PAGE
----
Structural engineers say fire station unsafe
To most of us, the Kaplan Fire Station building on Cushing looks to be in good shape.
But, a closer look tells a much different story.
Built in 1957, the fire station now has cracks in the walls and floor, and the beams are shifting.
“A few years ago,” said Fire Chief Donald Meaux, “a company came in and did some foundation repairs. But that was just a band aid approach. Since Hurricane Katrina, many new cracks have appeared and the existing ones have gotten larger. The engineers have said that was probably due to erosion under the slab.”
“Because of the excessive problems and foundation flaws,” said Mayor Linda Hardee, “ we have had to take steps to address the seriousness and severity of this problem. We simply cannot let our firemen be put at risk in this building.”
After hiring structural engineers to assess the situation, their conclusions were that ‘the structure fell into the high importance category of being a significant risk should it be subjected to design speed winds for this area. The grade beams along the front of the structure show evidence of a significant amount of settlement. It is also noted that the pipe columns seemed to be undersized for their usage.’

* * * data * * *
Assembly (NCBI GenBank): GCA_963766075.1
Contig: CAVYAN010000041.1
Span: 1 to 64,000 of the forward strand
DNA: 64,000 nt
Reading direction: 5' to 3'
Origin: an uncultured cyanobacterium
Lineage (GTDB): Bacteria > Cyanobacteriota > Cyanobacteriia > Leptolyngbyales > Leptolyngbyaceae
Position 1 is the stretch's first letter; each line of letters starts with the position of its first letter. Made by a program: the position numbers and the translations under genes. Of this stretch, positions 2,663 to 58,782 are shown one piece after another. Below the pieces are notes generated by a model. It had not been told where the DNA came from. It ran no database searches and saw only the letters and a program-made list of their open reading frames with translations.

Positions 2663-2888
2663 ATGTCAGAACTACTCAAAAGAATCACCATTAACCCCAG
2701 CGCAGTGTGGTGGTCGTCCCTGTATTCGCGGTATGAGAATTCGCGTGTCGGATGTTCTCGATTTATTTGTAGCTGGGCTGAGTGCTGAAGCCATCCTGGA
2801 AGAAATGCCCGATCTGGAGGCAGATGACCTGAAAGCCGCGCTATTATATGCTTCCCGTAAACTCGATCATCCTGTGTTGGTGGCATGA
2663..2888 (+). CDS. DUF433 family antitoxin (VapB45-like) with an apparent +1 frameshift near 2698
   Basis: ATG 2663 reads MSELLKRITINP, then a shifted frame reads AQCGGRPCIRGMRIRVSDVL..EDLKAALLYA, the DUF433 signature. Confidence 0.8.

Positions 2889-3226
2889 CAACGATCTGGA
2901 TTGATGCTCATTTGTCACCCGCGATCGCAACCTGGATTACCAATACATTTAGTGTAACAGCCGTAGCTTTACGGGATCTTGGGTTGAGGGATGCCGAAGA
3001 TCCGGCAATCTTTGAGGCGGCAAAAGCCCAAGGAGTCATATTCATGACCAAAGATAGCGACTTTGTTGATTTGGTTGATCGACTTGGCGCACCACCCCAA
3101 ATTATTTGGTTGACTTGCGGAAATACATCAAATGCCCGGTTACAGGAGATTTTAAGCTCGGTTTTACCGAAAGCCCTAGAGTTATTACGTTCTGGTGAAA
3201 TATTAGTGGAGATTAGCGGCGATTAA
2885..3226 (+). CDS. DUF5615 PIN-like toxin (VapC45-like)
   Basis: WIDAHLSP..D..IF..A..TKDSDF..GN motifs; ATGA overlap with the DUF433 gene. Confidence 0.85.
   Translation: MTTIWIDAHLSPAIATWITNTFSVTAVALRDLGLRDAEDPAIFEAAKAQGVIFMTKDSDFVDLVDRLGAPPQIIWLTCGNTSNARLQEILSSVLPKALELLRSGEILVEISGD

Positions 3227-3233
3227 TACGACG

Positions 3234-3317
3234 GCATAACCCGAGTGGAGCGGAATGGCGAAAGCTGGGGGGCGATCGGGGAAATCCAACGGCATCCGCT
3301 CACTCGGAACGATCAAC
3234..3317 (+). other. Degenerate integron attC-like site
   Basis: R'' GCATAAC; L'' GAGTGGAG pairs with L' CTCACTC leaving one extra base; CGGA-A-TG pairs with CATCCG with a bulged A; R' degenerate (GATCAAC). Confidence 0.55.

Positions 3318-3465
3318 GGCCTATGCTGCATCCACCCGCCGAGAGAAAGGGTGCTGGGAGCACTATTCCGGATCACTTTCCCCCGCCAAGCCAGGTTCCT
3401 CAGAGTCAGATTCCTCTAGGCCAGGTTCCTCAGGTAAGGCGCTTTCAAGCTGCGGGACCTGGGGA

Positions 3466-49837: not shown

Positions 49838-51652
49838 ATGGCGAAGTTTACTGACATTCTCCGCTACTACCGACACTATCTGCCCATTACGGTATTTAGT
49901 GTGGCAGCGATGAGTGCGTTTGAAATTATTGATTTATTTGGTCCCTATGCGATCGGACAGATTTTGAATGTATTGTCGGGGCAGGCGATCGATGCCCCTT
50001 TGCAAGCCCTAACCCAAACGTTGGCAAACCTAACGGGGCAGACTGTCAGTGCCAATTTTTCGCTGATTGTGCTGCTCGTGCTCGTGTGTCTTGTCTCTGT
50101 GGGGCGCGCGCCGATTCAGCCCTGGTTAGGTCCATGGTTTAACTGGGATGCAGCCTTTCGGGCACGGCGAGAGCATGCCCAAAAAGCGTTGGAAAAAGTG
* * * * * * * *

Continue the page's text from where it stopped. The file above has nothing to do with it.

Mayor Hardee said plans are currently being drawn up for a new fire station. The total cost is approximated at $895,000.
Capital Outlay, through the state bonding commission, approved $450,000 of the total with cash appropriations from the state legislature paying $145,000. The City will pay the remaining $300,000.
City engineers have also advised Kaplan to undertake the building of a new structure that will be able to withstand 120 MPH winds.
Chief Meaux also stated that another important factor that may have led to the deterioration of the foundation is that today’s equipment weighs more than those of the 50’s and 60’s.
“One fire truck today can weigh twice as much as one fifty years ago,” he said. “All this additional heavy equipment puts a burden on concrete that was not made to withstand such weight.”
The new building will have concrete upgrades to handle all the weight, along with enough bays to house all equipment under one roof.
The completely new structure will be built in the same location as the current one.
Before demolition, plans are to relocate the fire equipment to temporary housing on Hwy. 696, 2.2 miles from the present location.
“We have already spoken with the Property Insurance Association and this temporary change of address will not affect the city’s rating. They have cleared all our preliminary plans. This site also has a big enough storage area to house all the vehicles.”
When the present fire station was built 51 years ago, Paul Eleazar Sr. was the mayor of the city and Freddie Guidry was the Fire Chief.